2.6 Leadership styles
There are many dimensions to leadership and many ways to describe the styles of leaders. Basically, it is the operations and functions of the manager’s leadership style that continues to have a great effect on the organisation. The leader, a follower, and the situation theories have been classified into: Trait, Behaviour, Power-influence, Situational Integrative, Trait is Behaviour is Power-influence is Situational Integrative which are further conceptualised as intra-individual, dyadic, group and organisational processes. Equally, today’s managers seems to be more equipped for every situation where various leadership skills and styles are incorporated into their everyday function to suit the situation and taking on the role as required. Integrative Leadership is a holistic, reflective and responsive approach to leading oneself, leading others, and leading in the organization and involves developing multiple perspectives, utilizing intelligences and educating on levels of awareness.(Hatala &Hatala, 2005), this leadership model can be seen in NGC, where Fielder’s favourability of leadership situation, Vroom et al (0000) revised, quality and acceptance of leader’s decision, Hersey and Blanchard, readiness level of followers are defined and incorporated along with the path-goal theory by House and later House and Dessler. The integrated contingency models together with the autocratic, laissez-faire, dictatorial, unitary, bureaucratic, benevolent, charismatic, consultative, participative or abdicatorial styles make the function of management even more complex in its application. (This can be eliminated, if too much wordsA¢â‚¬A¦not important)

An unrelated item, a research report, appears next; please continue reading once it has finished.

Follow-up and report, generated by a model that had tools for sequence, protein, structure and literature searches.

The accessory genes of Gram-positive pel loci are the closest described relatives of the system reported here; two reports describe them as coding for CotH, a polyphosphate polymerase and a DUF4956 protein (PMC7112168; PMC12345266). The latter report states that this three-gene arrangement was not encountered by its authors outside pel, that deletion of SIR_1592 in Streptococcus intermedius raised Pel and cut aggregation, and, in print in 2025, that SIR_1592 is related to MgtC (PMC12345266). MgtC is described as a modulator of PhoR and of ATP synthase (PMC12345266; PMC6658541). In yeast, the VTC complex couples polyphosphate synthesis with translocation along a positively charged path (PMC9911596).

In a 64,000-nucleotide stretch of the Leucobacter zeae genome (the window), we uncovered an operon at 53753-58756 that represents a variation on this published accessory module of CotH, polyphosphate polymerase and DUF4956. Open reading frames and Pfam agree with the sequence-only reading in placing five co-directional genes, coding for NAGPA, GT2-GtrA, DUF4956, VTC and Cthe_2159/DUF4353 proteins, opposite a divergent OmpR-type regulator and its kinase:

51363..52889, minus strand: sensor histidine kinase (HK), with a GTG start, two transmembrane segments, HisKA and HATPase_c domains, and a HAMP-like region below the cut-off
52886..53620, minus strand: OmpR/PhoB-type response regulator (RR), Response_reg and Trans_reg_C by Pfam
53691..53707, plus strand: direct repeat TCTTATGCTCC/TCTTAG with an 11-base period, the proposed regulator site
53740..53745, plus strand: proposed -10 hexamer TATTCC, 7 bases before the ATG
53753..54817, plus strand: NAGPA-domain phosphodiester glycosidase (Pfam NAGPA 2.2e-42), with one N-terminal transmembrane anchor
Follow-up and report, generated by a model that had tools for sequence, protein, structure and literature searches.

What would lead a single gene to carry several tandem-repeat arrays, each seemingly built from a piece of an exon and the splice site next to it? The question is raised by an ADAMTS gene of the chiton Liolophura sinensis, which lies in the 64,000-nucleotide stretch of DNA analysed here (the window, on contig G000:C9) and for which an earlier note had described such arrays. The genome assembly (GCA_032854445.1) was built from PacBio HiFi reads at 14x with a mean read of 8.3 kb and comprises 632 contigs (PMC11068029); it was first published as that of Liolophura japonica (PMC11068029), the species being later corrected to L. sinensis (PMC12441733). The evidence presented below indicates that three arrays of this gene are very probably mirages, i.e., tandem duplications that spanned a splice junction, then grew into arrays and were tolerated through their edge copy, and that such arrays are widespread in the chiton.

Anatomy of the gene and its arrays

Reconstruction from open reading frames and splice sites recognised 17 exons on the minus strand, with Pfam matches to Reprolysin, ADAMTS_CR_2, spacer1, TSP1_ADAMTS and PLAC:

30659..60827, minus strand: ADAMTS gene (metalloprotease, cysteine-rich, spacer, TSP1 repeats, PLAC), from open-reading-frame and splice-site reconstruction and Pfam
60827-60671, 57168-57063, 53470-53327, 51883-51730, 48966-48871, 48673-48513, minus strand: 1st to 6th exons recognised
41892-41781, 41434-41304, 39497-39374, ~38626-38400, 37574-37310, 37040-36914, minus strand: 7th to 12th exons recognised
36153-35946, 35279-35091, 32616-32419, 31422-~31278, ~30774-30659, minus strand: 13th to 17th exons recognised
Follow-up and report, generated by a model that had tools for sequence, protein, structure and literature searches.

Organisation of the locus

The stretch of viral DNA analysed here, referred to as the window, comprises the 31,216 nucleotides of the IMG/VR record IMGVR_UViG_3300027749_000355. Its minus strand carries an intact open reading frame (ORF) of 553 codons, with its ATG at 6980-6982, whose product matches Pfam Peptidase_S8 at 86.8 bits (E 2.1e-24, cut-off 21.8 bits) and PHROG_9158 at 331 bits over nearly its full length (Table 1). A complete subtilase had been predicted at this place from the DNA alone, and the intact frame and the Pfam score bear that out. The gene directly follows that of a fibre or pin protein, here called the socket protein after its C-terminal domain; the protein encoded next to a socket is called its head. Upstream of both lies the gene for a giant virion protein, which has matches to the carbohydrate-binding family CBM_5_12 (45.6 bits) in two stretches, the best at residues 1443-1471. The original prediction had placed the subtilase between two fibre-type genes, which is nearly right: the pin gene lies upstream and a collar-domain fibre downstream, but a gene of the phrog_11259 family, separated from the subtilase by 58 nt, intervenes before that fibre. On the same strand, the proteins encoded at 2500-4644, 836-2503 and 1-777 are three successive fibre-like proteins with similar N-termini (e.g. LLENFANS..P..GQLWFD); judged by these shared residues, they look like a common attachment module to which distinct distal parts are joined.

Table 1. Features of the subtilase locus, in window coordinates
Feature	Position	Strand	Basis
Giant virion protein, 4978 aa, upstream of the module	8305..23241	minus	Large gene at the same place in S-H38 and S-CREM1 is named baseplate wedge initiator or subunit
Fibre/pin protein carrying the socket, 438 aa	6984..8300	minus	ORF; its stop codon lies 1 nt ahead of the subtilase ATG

2.7 Reward Strategy:
Armstrong (2009) writes reward strategies deal with pay structures and can come in different shape and sizes. It can be a form of motivation, whether non-financial as well as financial rewards. Manas and Graham (2003) writes salary, bonuses, benefits and perks are the most visible element of a reward program. Adams’ suggests that people are only motivated when treated equitably. Latham and Locke states it is both performance and motivation, while Vroom’s is based on the more effort, the higher the reward. Rewards can be tangible and intangible, however most employees sees it as pay. Berger and Berger states rewards are the policies and practices that provide you with something of value in return for contributions. Herzberg’s factors are seen as motivating people because of the value of the work, the recognition received, along with responsibility and the potential for growth as a reward. Recognition, too many is not seen as a reward because it is not monetary, how be it in many cases, a simple thank you or an acknowledgement by someone in authority would boost ones morale, increase productivity and motivate the employee. Commendations are given on a monthly basis to the students of NGC, as a means of motivation and rewards by the institution. Although succession planning has been initiated, it may be or may not be safe to assume that promotion and remuneration packages are yet to be fully formalised to meet industry standards. This leaves us to believe that the teachers are dedicated and willing to make sacrifices for the students.
(are there suggestions to remedy this / increase function by even rewarding teacher based on evaluation by student etc)
2.8 Competition:
Competition is a business relation, in which two or more parties compete to gain customers, it is also rivalry between companies to achieve greater market share. Competition between companies for customers will lead to product innovation and improvement; it also builds team spirit and ultimately, lower prices .
Porters Five Forces: